As an Oval Office photo-op was ending on Wednesday afternoon, CNN reporter Kaitlan Collins fired off a series of questions for President Trump.
“Did Michael Cohen betray you, Mr. President?”
“Mr. President, are you worried about what Michael Cohen is about to say to the prosecutors?”
“Are you worried about what is on the other tapes, Mr. President?”
“Why is Vladimir Putin not accepting your invitation, Mr. President?”
At the time, Collins was representing five television networks as the pool reporter for the White House press corps. The scene was captured by several cameras and more than a dozen journalists with pencils, cameras and microphones poised, awaiting the president’s response.
But he ignored all four of Collins’ question from across the room, fixing his gaze away from her general direction.
Shortly afterward, Collins said she was called into the office of Bill Shine, the former Fox News executive who was recently hired as the administration’s deputy chief of staff for communications.
Together with press secretary Sarah Sanders, Shine told Collins she was not invited to attend an open press event in the Rose Garden in the afternoon, “because they thought the questions I had posed to the president were inappropriate and inappropriate for that venue,” the reporter said in a CNN interview about the incident.
“I told them that is often our only chance to ask the president questions,” Collins told CNN host Wolf Blitzer. “Those questions were questions any reporter would have asked and I was there to represent all of the networks and therefore asked about the questions of the day.”
The White House has confirmed that Collins was disinvited from the Rose Garden press event but contends the decision was based on the reporter’s loudness and her refusal to exit the president’s office.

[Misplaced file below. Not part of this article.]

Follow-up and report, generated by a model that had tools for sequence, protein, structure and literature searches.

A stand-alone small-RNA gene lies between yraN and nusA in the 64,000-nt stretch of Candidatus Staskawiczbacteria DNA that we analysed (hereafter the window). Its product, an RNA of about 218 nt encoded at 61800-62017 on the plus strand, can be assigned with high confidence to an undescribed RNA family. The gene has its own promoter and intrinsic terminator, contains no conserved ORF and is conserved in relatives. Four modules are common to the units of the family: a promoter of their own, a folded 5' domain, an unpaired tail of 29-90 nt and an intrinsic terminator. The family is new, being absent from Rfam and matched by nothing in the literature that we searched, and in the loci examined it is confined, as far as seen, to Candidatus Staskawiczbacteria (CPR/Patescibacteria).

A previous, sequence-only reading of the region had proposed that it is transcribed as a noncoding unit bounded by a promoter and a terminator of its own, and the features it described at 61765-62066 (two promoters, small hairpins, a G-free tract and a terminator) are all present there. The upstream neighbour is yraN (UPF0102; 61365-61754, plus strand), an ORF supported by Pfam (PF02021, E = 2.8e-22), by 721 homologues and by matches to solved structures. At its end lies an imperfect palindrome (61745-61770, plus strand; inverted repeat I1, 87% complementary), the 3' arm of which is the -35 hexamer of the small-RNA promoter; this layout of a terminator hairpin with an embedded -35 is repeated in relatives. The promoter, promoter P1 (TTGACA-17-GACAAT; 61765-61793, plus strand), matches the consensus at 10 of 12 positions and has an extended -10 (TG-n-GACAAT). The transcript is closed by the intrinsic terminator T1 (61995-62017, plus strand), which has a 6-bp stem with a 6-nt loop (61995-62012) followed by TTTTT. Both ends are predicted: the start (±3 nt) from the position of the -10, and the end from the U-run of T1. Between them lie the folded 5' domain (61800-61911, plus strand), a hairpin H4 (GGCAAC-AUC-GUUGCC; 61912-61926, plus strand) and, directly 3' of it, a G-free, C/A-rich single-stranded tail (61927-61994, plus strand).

In a statement issued Wednesday evening, Sanders wrote that “at the conclusion of a press event in the Oval Office a reporter shouted questions and refused to leave despite repeatedly being asked to do so.”
“Subsequently, our staff informed her she was not welcome to participate in the next event, but made clear that any other journalist from her network could attend. She said it didn’t matter to her because she hadn’t planned to be there anyway. To be clear, we support a free press and ask that everyone be respectful of the presidency and guests at the White House,” Sanders wrote.
Several journalists have excoriated the White House for barring Collins after she did her professional duty as they see it.
In a Twitter post Hallie Jackson, who covers the White House for NBC News, said the decision was “inexcusable, unacceptable, and sets an extremely dangerous precedent. … We shout questions at the president regularly. It’s called: doing our job.”
The New York Times‘ Peter Baker also tweeted, calling the White House’s actions “outrageous.”
“A strong leader does not fear questions. A strong democracy does not shield its leaders from those who question authority,” he wrote.
The White House Correspondents’ Association President Olivier Knox condemned the Trump administration for its decision to ban Collins.
“This type of retaliation is wholly inappropriate, wrong-headed, and weak. It cannot stand,” he wrote in a statement. “Reporters asking questions of powerful government officials, up to and including the President, helps hold those people accountable.”
Blitzer reported CNN’s network bureau chiefs in Washington, D.C., “are filing formal complaints with Shine and others at the White House.”